The Affordable Care Act (ACA) was originally implemented to protect people from the skyrocketing costs of health care. But the bankruptcy rate across America remains high - despite how the ACA has contributed to fewer bankruptcies across the country. Roughly 700,000 people declare bankruptcy each year, with 66.67% of this amount coming from costly hospital bills. Take Susan, a young mother, as an example: Susan had to have a Cesarean section when giving birth to her second child. During the procedure, she and the baby suffered an amniotic fluid embolism, which caused her to need multiple plasma and platelet transfusions and a full hysterectomy. While both mother and child survived, the family finances did not. Under the unforeseen circumstances, Susan had to stay longer than expected. And the final hospital bill caused Susan and her husband to file bankruptcy. Their experience is all too common. People enter the hospital for "routine" procedures and sometimes leave under crushing debt. And while hospitals give lifesaving care to patients, you may find many items on your bill that'll drive up the total cost. In most cases, the final statements are so extensive that patients don’t even question their accuracy. So how can people protect themselves against high — often inflated — hospital costs? How hospital charges add up quickly Hospitals are a business. Patients are charged for everything including incidental expenses. As examples, the average rate hospitals charge is $15 for a single Tylenol pill. Hospitals can also charge $10 per plastic medication cup, so the cost of each dose of Tylenol is even higher. And every time the hospital staff cleans a patient with an alcohol swab, the cost of the swab is $23. And those tiny alcohol swabs can add up fast. Other ways patients may see higher costs on their hospital bills: Mistakes in billing. A medical billing company discovered that 80% of hospital bills they reviewed had errors. As with any other service, mistakes happen. But it seems that billing errors at hospitals are commonplace. Network nuances. The hospital you chose might be in-network, but some of the providers and associated procedures like radiology techs, lab services, and specialists such as anesthesiologists may not be. If these are used during your stay, you may have to pay for these services out of pocket. Unnecessary tests. Doctors often ask for tests which are not deemed necessary by the insurance company. How a hospital indemnity plan can offset certain costs Many people are finding that hospital indemnity plans can offset certain costs associated with their hospital stays that major medical health insurance does not cover. The truth is few insurance policies cover 100% of hospital costs. Most contain some form of patient share as a coinsurance percentage or a copay amount. And there are deductibles and items which fall outside of the in-network coverage. In other words, having a single health insurance policy is sometimes not enough to protect you from the high costs of a hospital stay. What is a hospital indemnity plan? A hospital indemnity plan is a form of insurance developed that helps you cover additional costs not included in a major medical plan. Unlike major medical, which pays the provider, hospital indemnity plans will pay the person covered. The way it works is an insurance company can pay cash directly to you (or you can have the hospital submit a claim), so you can use it toward out-of-pocket expenses your health insurance might not cover. This allows you to use the funds as you see fit, whether it's for deductibles, travel, or lost income while you're in the hospital. Simply put: The owner of a hospital indemnity policy is in control of the funds — not the provider. But it’s important to know this type of plan is a supplement to - not a replacement for - major medical plans. There are many other terms often used for hospital indemnity plans, which include: Supplemental hospitalization Hospital insurance Hospital cash plans Healthcare indemnity Medical indemnity Health benefit indemnity Fixed indemnity health insurance Indemnity medical plan Health benefit indemnity insurance How does an indemnity plan work? When you buy a hospital indemnity plan, your insurance company will pay you a fixed amount to pay for your medical bills or use the money to supplement income, child care, or any expenses you faced while hurt or sick. If you’re admitted to the hospital for a covered service or condition, you'll notify your insurance company. Your insurer will then pay you a set amount based on a predetermined rate listed in your policy. You'll still want to review your hospital bill to make sure you're not being overcharged - even with a hospital indemnity plan. Doing this will put more money in your pocket for other costs related to the hospital stay. Is a hospital indemnity plan right for you? A hospital indemnity plan can work for most people. Hospital expenses average nearly $4,000 a day, with a typical hospital stay costing more than $15,000 total. So let’s say you have a $6,500 deductible on your health insurance plan and are responsible for 30% coinsurance. This means you would owe a total of $8,200 out of pocket for a $15,000 hospital bill. And this doesn’t even account for lost time at work for you, or travel, food, and parking expenses for your family if they come to visit. And the reality is: Not many Americans can afford that expense. So hospital indemnity plans can go a long way toward protecting your finances. 6 tips to reduce costly hospital bills Although a hospital indemnity plan can help you cover many of the direct and indirect costs of a hospital stay, most people would still prefer to avoid needless charges. To help, here are some tips to reduce costly hospital bills. Watch for billing errors. Ask your provider for the medical billing codes of the procedures you receive so you can make a note of them. Then, request an itemized bill and compare the billing costs after you've been treated. You'll bill probably isn't correct if you see a procedure performed on Thursday, but you checked out on Wednesday. Don't be afraid to challenge any charge that might be an error. Request only in-network providers. Be sure to let hospital staff know that you only want in-network providers. Most will honor this, if they can. Some states even have laws requiring them to honor your request. Watch for unnecessary tests. Ask if each test is necessary and covered. If it’s not necessary, you can let the doctor know you don’t want the test. Your doctor may have a good reason for requesting the test, but it's up to you to make an informed choice. Shop around. Call hospitals in your area and ask for their rates if you have a planned procedure. Choose the right facility. Consider an urgent care or clinic before going to the hospital. If it's an emergency situation, your best bet is to always call 911. But if not, choosing the right facility might lower your out-of-pocket costs. Don’t stay any longer than necessary. Extending your hospital stay even one day longer can add hundreds or even thousands to your bill. While it's at the doctor's discretion, it's OK to ask if another night is needed. The bottom line is that billing mistakes happen: Don't be afraid to question charges on your hospital bill. Be sure to request an itemized billing statement so you can review all charges. And if you're calling the hospital or a customer service line, be sure to get reference numbers and names of the people you speak with. That way, the call can be tracked and the issue can be potentially corrected. More on hospital indemnity plans A good hospital indemnity plan can provide you with protection from the high - often hidden - costs of hospitalization. And there are many hospital indemnity plans on the market today, so knowing which is right for you can be difficult. Our licensed insurance agents are here to talk through your needs and help you find the best hospital indemnity plan to ensure you understand how each will work for you. Save time and money by finding and comparing hospital indemnity plans in your area. You can also click here to get more tips on how to reduce healthcare costs
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red heart and stethoscope earpiece arranged to look like the year 2020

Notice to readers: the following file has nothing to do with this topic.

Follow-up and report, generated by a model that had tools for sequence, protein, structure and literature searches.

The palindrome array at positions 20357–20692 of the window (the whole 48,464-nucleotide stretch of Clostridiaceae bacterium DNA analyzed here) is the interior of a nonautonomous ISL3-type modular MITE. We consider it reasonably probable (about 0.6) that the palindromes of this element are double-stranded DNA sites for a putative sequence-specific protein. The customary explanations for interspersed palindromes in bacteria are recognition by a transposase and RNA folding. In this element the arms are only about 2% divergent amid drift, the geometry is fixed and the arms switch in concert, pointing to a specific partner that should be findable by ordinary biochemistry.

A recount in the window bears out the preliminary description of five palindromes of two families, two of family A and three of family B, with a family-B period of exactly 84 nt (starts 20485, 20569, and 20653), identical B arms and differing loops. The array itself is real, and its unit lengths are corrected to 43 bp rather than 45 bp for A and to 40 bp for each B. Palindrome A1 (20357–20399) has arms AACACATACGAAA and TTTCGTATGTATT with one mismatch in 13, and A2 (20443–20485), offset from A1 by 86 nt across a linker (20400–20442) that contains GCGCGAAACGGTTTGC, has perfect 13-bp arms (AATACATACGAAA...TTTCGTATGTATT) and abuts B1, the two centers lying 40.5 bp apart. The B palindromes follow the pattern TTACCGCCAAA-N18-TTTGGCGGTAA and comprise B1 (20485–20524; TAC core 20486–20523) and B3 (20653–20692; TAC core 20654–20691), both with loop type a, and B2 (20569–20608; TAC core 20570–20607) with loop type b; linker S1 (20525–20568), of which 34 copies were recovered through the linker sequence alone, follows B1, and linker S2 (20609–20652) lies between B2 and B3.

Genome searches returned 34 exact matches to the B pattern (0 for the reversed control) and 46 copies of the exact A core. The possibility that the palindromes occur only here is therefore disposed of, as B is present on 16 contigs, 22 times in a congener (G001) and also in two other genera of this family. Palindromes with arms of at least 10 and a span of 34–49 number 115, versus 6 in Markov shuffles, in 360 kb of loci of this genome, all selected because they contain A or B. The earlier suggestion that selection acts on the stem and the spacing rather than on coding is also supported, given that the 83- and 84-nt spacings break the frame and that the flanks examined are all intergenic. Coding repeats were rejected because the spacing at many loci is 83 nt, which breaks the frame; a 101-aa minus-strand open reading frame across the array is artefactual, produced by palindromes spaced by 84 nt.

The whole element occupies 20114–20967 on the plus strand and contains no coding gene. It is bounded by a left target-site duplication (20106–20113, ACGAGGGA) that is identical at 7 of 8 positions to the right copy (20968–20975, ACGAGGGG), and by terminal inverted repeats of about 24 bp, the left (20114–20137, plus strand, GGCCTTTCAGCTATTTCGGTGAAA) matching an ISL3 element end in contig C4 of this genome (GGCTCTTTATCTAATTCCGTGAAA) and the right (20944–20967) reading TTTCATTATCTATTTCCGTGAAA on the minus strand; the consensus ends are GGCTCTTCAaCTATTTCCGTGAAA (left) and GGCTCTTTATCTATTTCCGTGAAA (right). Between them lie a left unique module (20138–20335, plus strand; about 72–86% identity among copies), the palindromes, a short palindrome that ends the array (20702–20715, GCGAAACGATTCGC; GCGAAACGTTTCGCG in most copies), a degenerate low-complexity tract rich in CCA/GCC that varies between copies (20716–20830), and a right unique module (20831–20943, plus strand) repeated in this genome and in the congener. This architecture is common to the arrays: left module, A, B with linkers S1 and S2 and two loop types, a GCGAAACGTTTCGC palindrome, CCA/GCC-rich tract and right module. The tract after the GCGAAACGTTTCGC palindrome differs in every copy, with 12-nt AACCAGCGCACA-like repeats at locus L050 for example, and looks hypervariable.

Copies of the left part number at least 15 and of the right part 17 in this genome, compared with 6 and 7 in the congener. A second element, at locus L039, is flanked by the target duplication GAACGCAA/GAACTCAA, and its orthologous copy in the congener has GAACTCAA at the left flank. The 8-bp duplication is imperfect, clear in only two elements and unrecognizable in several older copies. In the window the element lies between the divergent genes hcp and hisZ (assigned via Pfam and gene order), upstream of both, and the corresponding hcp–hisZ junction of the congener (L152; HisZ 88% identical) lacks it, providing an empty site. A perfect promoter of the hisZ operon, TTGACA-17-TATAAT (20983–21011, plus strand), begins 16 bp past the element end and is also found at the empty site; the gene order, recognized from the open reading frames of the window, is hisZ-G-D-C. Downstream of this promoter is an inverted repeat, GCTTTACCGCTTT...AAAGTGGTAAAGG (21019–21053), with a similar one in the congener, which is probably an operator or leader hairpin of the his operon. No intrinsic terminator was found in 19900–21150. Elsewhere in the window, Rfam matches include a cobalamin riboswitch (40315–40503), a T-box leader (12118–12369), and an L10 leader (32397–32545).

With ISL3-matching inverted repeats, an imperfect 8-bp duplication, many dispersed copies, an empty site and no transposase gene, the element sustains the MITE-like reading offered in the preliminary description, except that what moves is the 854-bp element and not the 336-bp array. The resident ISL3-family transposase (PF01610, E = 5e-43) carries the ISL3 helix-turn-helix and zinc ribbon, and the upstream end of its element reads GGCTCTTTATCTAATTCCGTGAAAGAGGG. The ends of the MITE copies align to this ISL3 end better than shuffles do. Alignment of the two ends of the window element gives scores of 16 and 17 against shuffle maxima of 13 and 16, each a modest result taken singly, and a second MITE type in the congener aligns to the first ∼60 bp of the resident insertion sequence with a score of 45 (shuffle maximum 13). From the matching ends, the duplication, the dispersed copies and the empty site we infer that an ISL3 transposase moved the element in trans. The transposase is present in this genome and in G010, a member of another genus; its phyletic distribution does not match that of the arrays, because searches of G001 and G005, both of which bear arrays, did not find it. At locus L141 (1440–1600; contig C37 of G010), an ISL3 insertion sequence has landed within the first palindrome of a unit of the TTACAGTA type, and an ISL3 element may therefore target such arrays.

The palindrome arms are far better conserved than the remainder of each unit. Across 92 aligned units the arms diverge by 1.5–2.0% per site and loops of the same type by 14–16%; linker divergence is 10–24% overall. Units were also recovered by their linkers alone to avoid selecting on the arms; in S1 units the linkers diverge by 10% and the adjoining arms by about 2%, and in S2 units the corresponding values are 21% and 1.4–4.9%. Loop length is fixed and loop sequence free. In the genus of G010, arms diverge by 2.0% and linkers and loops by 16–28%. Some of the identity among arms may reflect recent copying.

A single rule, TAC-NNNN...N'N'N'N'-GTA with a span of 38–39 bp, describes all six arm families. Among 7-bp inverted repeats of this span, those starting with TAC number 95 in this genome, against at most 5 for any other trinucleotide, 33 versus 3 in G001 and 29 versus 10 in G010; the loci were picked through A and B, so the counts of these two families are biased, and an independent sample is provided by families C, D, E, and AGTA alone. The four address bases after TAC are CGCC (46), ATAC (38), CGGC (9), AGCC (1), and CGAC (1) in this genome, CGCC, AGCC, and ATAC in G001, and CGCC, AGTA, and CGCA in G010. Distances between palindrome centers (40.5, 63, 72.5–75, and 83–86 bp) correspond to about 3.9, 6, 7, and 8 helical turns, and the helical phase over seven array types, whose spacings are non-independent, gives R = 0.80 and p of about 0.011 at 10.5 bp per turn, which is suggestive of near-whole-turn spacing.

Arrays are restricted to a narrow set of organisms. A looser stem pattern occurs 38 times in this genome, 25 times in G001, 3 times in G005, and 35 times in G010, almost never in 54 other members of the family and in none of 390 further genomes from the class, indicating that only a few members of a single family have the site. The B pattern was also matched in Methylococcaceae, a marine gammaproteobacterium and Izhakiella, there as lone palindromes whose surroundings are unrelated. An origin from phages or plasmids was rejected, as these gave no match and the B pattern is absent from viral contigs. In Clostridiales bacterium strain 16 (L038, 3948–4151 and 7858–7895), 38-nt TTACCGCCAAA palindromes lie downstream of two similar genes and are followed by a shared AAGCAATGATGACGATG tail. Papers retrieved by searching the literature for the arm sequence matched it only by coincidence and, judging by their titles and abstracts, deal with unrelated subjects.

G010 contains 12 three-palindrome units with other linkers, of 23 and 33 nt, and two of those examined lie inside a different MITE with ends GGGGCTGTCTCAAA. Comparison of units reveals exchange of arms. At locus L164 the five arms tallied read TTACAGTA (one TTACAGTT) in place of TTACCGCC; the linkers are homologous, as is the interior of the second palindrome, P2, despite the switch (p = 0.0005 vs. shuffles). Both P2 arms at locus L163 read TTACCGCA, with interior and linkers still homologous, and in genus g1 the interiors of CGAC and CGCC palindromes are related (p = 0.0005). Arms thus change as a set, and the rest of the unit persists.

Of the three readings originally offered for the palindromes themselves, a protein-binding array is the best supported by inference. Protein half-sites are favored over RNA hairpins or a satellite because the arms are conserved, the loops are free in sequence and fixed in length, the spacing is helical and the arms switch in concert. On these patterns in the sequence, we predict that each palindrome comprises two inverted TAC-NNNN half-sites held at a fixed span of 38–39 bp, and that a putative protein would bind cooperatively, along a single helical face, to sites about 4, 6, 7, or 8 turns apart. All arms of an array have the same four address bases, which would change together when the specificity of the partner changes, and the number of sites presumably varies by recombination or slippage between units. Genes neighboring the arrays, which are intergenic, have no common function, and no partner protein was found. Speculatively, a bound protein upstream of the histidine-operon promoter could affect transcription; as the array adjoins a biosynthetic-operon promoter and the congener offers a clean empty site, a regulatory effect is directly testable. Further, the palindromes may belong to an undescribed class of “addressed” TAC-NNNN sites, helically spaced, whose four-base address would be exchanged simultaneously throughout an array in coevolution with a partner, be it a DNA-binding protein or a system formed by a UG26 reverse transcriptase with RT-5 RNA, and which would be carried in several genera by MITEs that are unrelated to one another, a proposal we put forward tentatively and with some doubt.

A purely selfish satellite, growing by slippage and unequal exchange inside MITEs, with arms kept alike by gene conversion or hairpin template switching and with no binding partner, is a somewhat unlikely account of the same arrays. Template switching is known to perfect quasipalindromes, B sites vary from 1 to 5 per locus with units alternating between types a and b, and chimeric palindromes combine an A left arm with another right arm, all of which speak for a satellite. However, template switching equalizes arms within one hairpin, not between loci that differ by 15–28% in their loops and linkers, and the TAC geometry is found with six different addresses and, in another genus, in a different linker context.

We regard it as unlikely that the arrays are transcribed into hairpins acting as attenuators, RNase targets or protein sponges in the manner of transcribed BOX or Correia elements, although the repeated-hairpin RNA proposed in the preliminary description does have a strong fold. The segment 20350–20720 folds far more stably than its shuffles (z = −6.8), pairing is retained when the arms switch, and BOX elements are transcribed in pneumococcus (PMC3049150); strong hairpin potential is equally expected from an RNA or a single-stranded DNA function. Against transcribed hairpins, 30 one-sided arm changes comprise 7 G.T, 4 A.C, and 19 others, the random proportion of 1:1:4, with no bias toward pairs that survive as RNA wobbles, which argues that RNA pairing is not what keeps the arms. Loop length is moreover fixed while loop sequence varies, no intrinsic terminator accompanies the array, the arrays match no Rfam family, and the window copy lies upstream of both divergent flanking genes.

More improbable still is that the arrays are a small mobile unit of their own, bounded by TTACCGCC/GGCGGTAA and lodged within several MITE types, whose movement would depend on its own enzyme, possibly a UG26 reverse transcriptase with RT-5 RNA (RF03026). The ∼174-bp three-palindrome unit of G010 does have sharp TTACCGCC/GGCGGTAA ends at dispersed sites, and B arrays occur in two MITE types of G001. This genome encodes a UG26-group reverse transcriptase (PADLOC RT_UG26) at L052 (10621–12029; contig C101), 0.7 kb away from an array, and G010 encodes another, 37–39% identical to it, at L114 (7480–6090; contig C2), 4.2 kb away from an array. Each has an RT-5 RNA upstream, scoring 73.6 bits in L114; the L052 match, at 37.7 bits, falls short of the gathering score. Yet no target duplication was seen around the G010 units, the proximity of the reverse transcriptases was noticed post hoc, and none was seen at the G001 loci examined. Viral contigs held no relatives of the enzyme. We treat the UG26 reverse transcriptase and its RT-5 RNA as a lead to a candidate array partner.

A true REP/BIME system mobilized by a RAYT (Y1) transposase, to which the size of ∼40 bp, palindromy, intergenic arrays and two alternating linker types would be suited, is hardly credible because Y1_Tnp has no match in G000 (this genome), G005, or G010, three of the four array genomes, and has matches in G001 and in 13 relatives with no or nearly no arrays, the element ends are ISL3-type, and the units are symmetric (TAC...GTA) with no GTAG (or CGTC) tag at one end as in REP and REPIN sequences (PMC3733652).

It’s no secret that health insurance is getting more and more complex each year with many changes and proposed rules. So you inevitably might be wondering what changes to expect and what they mean to you, especially when it comes to your health insurance costs and benefits in 2020. Our experts have weighed in to give us their best predictions of what to expect next year. Let’s break them down. Can we expect to see Obamacare rate changes in 2020? In the early years of the Affordable Care Act, enrollees often saw a 10% annual increase in their policy rates nationwide. That’s because many insurance company actuaries originally had to make educated guesses on how plan enrollees would use their benefits. Insurance companies, in turn, took a financial hit because they underestimated the usage of benefits. Obamacare marketplaces have since settled because insurance companies now have a large dataset to finally understand and predict how plan enrollees use their benefits. With this in mind, insurance companies can better predict member costs and adjust premiums to reflect these predictions. In 2019, the premium increases for Obamacare were relatively modest for the second straight year, with the lowest overall increase since the marketplaces came into effect in 2014. The premiums for the second lowest cost silver tiered plan, which is used as a benchmark to establish the subsidies for lower income individuals, also dropped by 1.5% in 39 states relying on HealthCare.gov for the first time since the marketplaces were established in 2014. Enrollment also largely held steady, dropping by only 2.6% nationwide, despite widespread concerns about the Trump administration’s cuts to outreach and marketing efforts and an overall increase in the number of people who were uninsured. It’s predicted that medical costs will be the main driver of rates in 2020, with an increase ranging from 4 to 8%. Average premium increases for 2020 Alabama: 3.9% Alaska: -0.1% Arizona: -2.4% Arkansas: -2.1% California: 0.8% Colorado: -18.2% Connecticut: 7.8% Delaware: -19.5% DC: 9.0% Florida: 0.0% Georgia: 2.4% Hawaii: -1.0% Idaho: 7.0% Illinois: 1.4% Indiana: 9.0% Iowa: -3.3% Kansas: -3.1% Kentucky: 5.0% Louisiana: 11.7% Maine: -1.6% Maryland: -2.9% Massachusetts: 4.5% Michigan: -2.5% Minnesota: 1.6% Mississippi: 2.7% Missouri: -1.8% Montana: -13.1% Nebraska: -5.3% Nevada: 1.0% New Hampshire: 1.1% New Jersey: 8.6% New Mexico: 0.9% New York: 6.8% North Carolina: -5.3% North Dakota: -7.9% Ohio: -7.7% Oklahoma: 1.4% Oregon: 2.3% Pennsylvania: 4.6% Rhode Island: 0.8% South Carolina: -1.9% South Dakota: 6.5% Tennessee: -1.1% Texas: 0.8% Utah: -5.9% Vermont: 11.5% Virginia: -3.6% Washington: 1.0% West Virginia: 6.7% Wisconsin: -3.2% Wyoming: 1.6% Will there be changes to healthcare laws? While rate changes play a major role for consumers when choosing a health insurance plan, healthcare law changes are becoming a vital factor. Since 2014, there has been a constant stream of attempts to alter the Affordable Care Act by Members of Congress who believe that it’s not the right solution for affordable health insurance. Parties on both sides of the aisle are now aiming to change the ACA, whether it’s “Medicare for All” from the left, or repeal and replace from the right. Medicare for All With the 2020 presidential election campaign in full swing, many democratic candidates are suggesting the implementation of a Medicare for All law - proposal specifics will vary depending on which proposal you read. The main idea is that all Americans would be able to enroll in Medicare and would receive a set of benefits provided through the Federal Government. If at all similar to current Medicare, which serves those 65 and older or permanently disabled, enrollees would be allowed to purchase supplemental plans to offset additional costs and provide greater benefits. Although Medicare For All has a lot of support in the House, there is a significant uphill battle to fight it in the Senate. And as long as President Trump is in office, it likely won’t be signed. Repeal and replace Meanwhile, on the other side of the aisle, the Republicans have been pushing for an option to replace the Affordable Care Act for the better part of a decade. They’ve had some political victories, like the defunding of the risk corridor and setting a $0 penalty for being uninsured, but they’ve yet to completely repeal the ACA. The general public who support the ACA have shown that fully repealing Obamacare could be politically disastrous. Plus, a replacement would need to be developed to get the votes needed. The President has tasked Senators Cassidy and Scott to create a replacement bill that will be able to pass. Given the history of ACA replacement bills, this has yet to be seen. Supreme Court ruling A pending case in front of the Supreme Court, brought by the Attorney Generals from certain conservative states, may affect the Affordable Care Act in the near future. The case claims that Congress doesn’t have the authority to enforce the ACA without a penalty for the individual mandate. A Texas Federal Judge has initially ruled that the law is unconstitutional, but the decision was halted while the Supreme Court decides on how to rule. What are my options? For now, the Supreme Court has not deemed the Affordable Care Act as unconstitutional, so you should shop around and compare ACA plans for 2020 as usual. However, even if Congress passes a repeal and replace bill in the next year, it’s unlikely that those changes would go into effect until the following year. Either way, we’re here to help you through any scenario.